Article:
The first tests of bacteria capable of degrading oil and some of its derivatives, including plastics, have been successfully carried out; the next step is to use them for the benefit of mankind, according to a study conducted by researchers at UNAM's Institute of Biotechnology (IBt).
The bacteria were detected as part of the findings of the Gulf of Mexico Research Consortium (CIGoM), where Liliana Pardo López and Fidel Alejandro Sánchez Flores, both IBt researchers, collaborate.
Supported by the Coordination of Linkage and Technology Transfer, the researchers are reviewing in detail the effectiveness of microorganisms to bioremediate an oil spill, contaminated bodies of water, cleaning up hydrocarbon contamination, and possibly degrade plastics in the water.
We already have a range of products that can begin to be developed, from those to remediate bodies of water, to the potential of restoring an oil spill, all with the package of bacteria that have been isolated from the Gulf of Mexico and that finally is part of our contribution as UNAM researchers, said Sánchez Flores.
The tests consist of checking the efficacy of seawater and sand. The first one is carried out in Sonora since it implies pumping 5,000 liters of seawater to have controlled contamination. On the other hand, the second with contaminated sand will be carried out in Guerrero, in a region at the foot of the sea where there is access to it, which is placed in meshes to prevent the contaminants used in the test from passing to the subsoil.
"Today we have doctoral students at the IBt who are just proving that these bacteria can also degrade plastics, we are working with different types of plastics. I am currently in France doing a sabbatical year at the Villefranche Oceanography Laboratory at the Sorbonne and working on the colonization and degradation of plastics by bacteria that live in the Mediterranean, to bring this knowledge to UNAM and be able to continue transferring technological packages, but now for the degradation of plastics in the oceans, which is a problem that concerns the entire planet," added Pardo Lopez.
Bioremediation products from basic science
For the past six years, both specialists have been participating in oceanographic campaigns of CIGoM together with researchers from CICESE (Ensenada), the Autonomous University of the State of Morelos, and CINVESTAV-Merida, to know what type of microorganisms inhabit the Gulf of Mexico and today can be used as tools to bioremediate contaminated beaches or waters.
"It would be excellent if bioremediation, which is an environmentally friendly technology, could be used more frequently, we believe there is a good future there; that is, to treat pollutants such as hydrocarbons, plastics, organic matter, metals, etc., damaging the environment as little as possible. It would be very good if more researchers joined this effort, and a virtuous circle of researchers and businessmen could be created", highlighted Pardo Lopez.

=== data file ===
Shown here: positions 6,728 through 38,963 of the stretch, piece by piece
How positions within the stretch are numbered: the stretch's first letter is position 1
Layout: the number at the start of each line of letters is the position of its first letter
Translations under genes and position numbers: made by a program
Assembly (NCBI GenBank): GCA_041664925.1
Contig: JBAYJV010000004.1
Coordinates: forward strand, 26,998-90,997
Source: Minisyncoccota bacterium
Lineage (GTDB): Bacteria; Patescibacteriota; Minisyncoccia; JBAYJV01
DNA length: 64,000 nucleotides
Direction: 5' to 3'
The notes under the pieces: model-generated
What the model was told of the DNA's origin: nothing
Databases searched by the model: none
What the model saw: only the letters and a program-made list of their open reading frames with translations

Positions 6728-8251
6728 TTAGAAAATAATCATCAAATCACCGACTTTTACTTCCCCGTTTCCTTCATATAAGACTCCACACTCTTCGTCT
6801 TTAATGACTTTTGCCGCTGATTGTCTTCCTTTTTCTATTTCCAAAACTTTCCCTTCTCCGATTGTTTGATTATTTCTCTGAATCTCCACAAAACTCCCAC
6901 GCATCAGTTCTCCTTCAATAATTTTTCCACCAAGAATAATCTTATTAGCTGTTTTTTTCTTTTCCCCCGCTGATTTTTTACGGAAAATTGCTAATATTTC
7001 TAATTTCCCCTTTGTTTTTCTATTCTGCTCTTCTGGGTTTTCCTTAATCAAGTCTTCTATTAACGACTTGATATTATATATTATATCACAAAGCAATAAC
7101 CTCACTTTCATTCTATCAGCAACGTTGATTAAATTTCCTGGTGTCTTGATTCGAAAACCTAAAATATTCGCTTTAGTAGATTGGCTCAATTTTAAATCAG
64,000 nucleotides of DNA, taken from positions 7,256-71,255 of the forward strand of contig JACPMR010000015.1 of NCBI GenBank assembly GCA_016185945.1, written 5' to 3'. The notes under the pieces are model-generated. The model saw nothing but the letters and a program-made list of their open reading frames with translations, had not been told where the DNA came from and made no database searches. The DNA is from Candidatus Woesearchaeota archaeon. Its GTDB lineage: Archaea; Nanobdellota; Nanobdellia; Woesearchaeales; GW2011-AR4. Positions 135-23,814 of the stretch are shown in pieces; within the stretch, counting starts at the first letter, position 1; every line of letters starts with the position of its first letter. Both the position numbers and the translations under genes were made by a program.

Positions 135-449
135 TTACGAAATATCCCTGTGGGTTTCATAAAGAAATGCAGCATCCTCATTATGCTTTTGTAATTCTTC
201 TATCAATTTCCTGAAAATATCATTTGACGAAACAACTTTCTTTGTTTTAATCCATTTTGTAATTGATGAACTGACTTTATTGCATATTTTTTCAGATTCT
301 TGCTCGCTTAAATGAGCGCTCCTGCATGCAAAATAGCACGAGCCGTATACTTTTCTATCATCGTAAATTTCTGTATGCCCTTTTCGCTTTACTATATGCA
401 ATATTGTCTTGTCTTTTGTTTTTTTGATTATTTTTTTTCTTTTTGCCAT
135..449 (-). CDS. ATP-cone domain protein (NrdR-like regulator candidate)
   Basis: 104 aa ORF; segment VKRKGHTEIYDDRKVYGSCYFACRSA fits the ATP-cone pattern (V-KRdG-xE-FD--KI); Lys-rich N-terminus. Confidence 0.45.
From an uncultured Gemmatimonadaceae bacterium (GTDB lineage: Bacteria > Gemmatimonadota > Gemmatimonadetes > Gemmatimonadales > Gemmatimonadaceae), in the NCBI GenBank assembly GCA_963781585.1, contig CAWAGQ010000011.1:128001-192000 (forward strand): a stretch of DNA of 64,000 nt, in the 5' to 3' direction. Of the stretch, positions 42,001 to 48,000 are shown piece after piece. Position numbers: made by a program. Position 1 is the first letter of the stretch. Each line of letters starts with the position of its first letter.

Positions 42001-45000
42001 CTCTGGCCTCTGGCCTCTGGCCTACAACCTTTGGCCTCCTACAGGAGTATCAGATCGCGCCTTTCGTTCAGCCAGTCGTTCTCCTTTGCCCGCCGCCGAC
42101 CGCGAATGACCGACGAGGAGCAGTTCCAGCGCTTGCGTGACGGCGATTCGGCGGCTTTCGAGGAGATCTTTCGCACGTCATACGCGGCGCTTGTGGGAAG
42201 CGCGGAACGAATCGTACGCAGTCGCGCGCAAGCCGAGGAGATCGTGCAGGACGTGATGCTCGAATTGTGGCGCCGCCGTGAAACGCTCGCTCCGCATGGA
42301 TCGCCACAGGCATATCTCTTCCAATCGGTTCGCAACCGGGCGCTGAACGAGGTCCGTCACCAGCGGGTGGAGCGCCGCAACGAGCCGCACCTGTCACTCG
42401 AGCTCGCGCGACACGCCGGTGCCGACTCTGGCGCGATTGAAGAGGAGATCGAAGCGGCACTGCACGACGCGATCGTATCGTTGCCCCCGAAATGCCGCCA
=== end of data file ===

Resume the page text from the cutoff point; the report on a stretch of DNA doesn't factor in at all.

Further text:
Scientifically speaking, added the institutional leader before the Consortium, and the results were extraordinary, the first of them is the Environmental Baseline Atlas of the Gulf of Mexico, which is a great asset for the country, we published 11 volumes on meteorology, fish, mammals, seagrasses, etc., and one of them is dedicated to bacteria.
This effort is unprecedented, as 300 researchers from the best institutions in the country worked together to learn a little more about the Gulf.
The researchers analyzed the microorganisms with a technique called metagenomics, which allows them to extract the DNA and several other strains (groups of microorganisms that belong to the same species and come from a single cell) were taken to the laboratory to sequence their genomes, classify them and, thanks to this, today the IBt has a database of 300 isolated bacteria, of which 43 have been identified as being able to degrade the oil.
The first step was the generation of knowledge; subsequently, technological maturation was achieved with this package of 43 bacteria, which was protected by UNAM as an industrial secret. To continue with the virtuous circle, this technology would have to be transferred to the private sector, added the scientist.
For this, together with experts from CICESE and extraction technicians, the UNAM researchers created the company Deep Sea Genomics S.A. de C.V., in this way the National University was able to transfer the technological package to the company with which they are carrying out the first pilot tests of the effectiveness of these bacteria in Sonora.
Regarding the safety of using the microorganisms for the degradation of oil, hydrocarbons, or other contaminants, Sanchez Flores explained that the objective is to allow them to grow in the laboratory and carry out pathogenicity tests, to be completely sure that they will not harm the flora, fauna or human beings, and then apply them without risk in the affected area.
Both experts agreed that at the moment the most important thing to continue with the tests is to get investors since they are researchers and have little experience in business development. Although they have overcome obstacles along the way, the task has not been easy.